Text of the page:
Christian Living

Why Religious Institutions Aren’t Taxed

Author Amy K. Hall Published on 05/14/2015

In “Religious Non-Profits, Plan Now for Tax-Exemption Battles,” Leslie Loftis explains why religious institutions aren’t taxed:

The actual quote, from one of our earliest and most consequential Supreme Court opinions, McCullogh v. Maryland (1816), states, “The power to tax implies the power to destroy.” That mere implication of destruction defeated the government’s right to tax a federal bank in its borders.

Now, 199 years later, a different superior right—citizens’ First Amendment right to free exercise of religion—faces threat of taxation and the implication of destruction.

The argument we must make is rather simple. Take the Religion Clauses of the First Amendment: “Congress shall make no law respecting an establishment of religion, or prohibiting the free exercise thereof,” and then take this passage from McCullough v. Maryland: “All subjects over which the sovereign power of a State extends are objects of taxation, but those over which it does not extend are, upon the soundest principles, exempt from taxation. This proposition may almost be pronounced self-evident.”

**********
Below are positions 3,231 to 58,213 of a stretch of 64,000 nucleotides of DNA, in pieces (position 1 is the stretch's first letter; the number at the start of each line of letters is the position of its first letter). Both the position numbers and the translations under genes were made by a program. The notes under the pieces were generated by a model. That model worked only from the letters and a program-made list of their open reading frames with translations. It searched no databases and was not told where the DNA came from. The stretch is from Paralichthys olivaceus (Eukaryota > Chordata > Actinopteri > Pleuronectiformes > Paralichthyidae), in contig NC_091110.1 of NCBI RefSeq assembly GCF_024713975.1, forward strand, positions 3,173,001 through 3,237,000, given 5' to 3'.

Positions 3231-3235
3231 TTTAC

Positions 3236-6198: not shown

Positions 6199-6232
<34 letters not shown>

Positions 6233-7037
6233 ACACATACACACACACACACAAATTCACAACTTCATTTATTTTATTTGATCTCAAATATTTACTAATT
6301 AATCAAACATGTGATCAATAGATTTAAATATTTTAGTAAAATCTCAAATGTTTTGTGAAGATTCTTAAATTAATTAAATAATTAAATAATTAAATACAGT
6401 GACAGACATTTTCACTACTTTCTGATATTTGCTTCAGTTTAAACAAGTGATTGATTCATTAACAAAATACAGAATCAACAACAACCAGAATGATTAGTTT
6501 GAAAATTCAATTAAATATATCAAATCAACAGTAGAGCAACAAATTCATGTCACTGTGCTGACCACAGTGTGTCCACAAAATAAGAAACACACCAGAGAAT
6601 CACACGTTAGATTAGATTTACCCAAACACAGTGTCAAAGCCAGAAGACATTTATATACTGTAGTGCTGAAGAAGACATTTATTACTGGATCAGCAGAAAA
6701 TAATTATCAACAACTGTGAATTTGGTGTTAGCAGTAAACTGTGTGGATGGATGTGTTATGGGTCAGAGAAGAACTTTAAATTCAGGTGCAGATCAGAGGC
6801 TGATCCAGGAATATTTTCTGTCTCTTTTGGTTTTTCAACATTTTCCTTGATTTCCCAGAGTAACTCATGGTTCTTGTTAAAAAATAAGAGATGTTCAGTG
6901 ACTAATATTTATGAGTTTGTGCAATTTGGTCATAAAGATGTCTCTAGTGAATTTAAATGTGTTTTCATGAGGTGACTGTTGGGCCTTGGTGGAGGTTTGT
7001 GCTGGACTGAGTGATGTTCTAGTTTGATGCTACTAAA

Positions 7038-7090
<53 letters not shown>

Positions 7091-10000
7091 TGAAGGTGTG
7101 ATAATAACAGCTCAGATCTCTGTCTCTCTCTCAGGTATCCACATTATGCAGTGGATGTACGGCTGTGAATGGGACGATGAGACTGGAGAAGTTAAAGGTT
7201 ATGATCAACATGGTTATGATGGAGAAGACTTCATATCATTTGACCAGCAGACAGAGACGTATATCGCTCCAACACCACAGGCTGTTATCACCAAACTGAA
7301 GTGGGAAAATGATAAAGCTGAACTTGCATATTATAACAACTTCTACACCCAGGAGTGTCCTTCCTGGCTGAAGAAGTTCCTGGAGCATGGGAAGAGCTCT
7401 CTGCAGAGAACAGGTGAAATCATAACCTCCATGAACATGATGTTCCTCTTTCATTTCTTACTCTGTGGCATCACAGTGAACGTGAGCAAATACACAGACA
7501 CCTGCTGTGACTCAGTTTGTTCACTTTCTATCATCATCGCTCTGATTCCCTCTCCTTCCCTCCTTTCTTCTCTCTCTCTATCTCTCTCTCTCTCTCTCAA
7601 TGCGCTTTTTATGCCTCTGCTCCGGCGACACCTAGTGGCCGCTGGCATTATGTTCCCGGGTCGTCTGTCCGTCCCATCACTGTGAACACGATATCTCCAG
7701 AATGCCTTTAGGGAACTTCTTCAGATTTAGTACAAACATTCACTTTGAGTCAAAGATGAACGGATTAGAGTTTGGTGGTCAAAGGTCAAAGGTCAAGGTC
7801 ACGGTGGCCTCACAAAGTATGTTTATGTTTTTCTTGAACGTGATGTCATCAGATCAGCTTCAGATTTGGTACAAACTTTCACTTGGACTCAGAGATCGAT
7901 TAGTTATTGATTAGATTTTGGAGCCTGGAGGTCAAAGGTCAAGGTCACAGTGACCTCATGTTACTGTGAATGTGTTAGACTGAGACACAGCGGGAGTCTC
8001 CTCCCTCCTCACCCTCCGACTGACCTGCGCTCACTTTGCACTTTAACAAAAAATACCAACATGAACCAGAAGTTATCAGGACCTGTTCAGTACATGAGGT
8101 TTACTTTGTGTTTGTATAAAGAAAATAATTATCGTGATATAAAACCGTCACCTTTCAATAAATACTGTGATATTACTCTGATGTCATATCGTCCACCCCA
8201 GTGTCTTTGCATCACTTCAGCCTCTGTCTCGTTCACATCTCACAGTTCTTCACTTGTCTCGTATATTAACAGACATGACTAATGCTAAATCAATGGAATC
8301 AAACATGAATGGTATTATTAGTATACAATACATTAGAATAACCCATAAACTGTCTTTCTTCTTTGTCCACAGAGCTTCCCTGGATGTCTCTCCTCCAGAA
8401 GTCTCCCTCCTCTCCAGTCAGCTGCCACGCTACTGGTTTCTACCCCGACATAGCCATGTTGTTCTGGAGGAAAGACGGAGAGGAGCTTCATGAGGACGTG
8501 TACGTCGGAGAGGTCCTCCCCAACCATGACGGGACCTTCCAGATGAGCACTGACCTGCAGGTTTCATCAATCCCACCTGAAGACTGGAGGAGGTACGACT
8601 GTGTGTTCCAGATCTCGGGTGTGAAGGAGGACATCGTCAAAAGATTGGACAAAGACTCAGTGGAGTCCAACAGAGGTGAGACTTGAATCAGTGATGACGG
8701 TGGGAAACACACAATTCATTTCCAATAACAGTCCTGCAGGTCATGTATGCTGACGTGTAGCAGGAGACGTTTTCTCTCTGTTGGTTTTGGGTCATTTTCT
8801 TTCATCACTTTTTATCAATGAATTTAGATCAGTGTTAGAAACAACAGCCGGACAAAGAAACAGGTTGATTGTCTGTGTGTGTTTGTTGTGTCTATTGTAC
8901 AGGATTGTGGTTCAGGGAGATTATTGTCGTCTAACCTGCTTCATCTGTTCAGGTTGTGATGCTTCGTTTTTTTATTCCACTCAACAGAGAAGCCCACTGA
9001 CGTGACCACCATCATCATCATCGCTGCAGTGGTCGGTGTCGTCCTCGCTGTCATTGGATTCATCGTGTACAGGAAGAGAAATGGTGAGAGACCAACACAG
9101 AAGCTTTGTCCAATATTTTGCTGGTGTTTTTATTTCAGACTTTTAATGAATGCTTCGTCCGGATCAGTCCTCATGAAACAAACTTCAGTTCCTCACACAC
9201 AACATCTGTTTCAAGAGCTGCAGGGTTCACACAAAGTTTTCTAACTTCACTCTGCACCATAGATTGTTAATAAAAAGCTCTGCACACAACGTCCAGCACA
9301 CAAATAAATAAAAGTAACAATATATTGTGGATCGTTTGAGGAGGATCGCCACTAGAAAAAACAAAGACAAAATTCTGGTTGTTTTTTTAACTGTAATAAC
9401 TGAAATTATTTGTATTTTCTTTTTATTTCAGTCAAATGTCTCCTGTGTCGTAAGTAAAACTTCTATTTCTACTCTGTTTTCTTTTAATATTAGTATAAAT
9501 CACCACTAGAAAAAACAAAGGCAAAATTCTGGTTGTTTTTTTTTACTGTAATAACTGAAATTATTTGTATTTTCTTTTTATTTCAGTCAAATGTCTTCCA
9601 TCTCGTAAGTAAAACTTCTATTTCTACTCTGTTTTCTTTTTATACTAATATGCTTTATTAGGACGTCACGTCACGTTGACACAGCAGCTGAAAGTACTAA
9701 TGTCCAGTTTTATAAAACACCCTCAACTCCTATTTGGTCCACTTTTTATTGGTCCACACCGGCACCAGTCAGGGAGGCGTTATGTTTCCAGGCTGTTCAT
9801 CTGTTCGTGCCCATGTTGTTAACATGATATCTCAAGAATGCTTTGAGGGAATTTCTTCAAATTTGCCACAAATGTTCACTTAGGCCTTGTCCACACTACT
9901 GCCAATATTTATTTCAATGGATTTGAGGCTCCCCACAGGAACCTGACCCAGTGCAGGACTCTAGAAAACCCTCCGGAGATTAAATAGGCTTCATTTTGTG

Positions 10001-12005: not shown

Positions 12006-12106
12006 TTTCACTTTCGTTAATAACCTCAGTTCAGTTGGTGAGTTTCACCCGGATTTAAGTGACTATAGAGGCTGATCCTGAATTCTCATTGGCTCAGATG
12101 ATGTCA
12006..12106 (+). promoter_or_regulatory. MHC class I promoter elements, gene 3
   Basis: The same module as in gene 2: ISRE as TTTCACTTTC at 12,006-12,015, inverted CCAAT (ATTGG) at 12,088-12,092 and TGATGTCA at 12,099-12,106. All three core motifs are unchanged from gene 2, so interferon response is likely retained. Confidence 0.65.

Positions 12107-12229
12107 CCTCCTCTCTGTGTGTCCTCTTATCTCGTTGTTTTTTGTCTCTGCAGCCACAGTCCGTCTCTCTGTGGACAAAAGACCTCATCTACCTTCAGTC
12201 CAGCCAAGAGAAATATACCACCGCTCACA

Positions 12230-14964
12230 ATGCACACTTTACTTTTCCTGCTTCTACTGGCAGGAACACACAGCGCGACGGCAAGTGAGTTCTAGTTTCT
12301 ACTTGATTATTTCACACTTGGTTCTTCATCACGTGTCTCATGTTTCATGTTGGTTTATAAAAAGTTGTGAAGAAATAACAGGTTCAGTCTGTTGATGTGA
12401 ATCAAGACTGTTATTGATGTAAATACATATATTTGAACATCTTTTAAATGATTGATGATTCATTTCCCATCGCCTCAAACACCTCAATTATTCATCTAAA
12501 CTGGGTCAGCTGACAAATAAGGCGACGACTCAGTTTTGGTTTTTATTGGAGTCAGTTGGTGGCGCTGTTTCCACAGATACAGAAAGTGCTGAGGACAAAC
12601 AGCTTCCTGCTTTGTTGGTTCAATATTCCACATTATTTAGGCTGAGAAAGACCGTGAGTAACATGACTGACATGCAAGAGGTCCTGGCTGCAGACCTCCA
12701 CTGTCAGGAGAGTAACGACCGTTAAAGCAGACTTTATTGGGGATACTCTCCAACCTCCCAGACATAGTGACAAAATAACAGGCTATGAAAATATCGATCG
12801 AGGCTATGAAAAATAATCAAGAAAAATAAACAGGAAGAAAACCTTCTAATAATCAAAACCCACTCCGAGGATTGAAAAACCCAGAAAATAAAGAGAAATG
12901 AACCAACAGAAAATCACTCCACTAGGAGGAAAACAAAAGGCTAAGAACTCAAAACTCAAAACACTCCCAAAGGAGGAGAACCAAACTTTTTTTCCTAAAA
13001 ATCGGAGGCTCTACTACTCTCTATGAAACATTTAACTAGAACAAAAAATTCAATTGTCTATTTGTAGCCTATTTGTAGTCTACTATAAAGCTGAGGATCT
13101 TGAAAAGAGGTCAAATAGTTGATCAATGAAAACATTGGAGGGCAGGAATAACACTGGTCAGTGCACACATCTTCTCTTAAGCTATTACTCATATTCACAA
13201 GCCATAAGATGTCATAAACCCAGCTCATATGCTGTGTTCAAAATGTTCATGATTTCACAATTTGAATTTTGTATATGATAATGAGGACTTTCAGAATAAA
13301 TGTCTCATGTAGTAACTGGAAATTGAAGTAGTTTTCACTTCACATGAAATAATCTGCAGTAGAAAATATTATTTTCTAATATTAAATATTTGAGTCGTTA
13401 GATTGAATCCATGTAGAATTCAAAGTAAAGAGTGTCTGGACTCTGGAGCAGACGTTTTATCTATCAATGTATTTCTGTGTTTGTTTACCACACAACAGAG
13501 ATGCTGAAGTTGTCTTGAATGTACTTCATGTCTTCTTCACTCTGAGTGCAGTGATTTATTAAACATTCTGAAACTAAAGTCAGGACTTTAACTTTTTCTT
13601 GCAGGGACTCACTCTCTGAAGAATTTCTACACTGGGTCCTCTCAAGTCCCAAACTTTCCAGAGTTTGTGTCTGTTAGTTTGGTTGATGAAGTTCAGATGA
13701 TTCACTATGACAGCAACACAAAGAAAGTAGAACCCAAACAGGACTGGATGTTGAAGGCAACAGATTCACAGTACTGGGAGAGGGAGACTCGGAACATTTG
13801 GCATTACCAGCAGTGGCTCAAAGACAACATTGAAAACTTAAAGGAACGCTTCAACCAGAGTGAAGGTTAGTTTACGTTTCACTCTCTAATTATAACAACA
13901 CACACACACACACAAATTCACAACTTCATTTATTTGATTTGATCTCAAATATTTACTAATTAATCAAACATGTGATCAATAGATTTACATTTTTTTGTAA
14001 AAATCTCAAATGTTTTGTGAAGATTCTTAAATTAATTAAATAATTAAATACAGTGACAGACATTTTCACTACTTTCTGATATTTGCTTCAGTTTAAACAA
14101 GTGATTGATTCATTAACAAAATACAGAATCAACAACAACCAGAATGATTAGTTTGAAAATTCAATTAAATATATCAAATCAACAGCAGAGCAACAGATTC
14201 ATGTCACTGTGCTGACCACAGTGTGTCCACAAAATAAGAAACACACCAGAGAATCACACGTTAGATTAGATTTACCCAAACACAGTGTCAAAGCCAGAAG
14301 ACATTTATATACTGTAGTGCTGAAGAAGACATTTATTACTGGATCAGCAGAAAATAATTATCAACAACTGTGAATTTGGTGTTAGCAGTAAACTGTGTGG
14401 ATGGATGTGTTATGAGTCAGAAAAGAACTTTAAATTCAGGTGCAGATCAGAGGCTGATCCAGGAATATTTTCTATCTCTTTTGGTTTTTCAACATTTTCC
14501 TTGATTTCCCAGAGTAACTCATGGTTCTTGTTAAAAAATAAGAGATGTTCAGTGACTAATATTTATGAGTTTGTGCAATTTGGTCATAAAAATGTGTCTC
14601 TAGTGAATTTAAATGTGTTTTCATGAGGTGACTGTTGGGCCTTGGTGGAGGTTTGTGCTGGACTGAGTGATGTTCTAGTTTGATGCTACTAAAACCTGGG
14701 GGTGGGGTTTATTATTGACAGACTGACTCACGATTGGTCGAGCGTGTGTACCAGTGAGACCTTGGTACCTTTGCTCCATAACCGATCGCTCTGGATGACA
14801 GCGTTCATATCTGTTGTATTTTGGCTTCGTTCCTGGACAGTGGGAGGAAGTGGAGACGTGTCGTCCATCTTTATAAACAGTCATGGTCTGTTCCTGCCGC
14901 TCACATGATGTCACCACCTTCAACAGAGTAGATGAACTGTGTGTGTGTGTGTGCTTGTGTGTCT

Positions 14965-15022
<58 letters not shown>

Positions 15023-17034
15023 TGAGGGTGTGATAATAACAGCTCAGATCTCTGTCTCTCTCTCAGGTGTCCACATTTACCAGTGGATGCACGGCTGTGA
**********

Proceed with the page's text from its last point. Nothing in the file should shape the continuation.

That government may make no law establishing religion or prohibiting the free exercise thereof is a clear statement that the power of government does not extend over the subject of religion. Therefore, religious institutions are exempt from taxation, not by tax code, but by self-evident, sound principles.

Religious institutions are exempt from taxation because our government has not been given the power to govern religion. This is an expression of the basic principles behind the founding of this country—that is, there is an Authority above the government that has established rights apart from the government, including free speech and freedom of religion. Since these rights were not created by the government—and, in fact, existed before any government existed—our government is restrained from infringing on these natural rights. There are things that are simply not rightly under any government’s control. To reverse this long-standing practice of tax exemption is to wrongly place the government in authority over religion.

It’s not by accident that the question about the tax-exempt status of religious institutions has been raised in connection with the government’s attempts to remake another pre-political institution: the family. When once a government starts gobbling up other spheres of authority, its appetite for control over competing institutions will only grow.

As Loftis explains, the coming debate will center around whether tax exemptions are subsidies, which would violate the Establishment Clause (and also imply the government owns our wealth), or whether taxation would violate the Free Exercise Clause because of its power to destroy. Then, she says, there’s the question of what qualifies as a religious institution. There’s a long road ahead of us.

(HT: Joe Carter)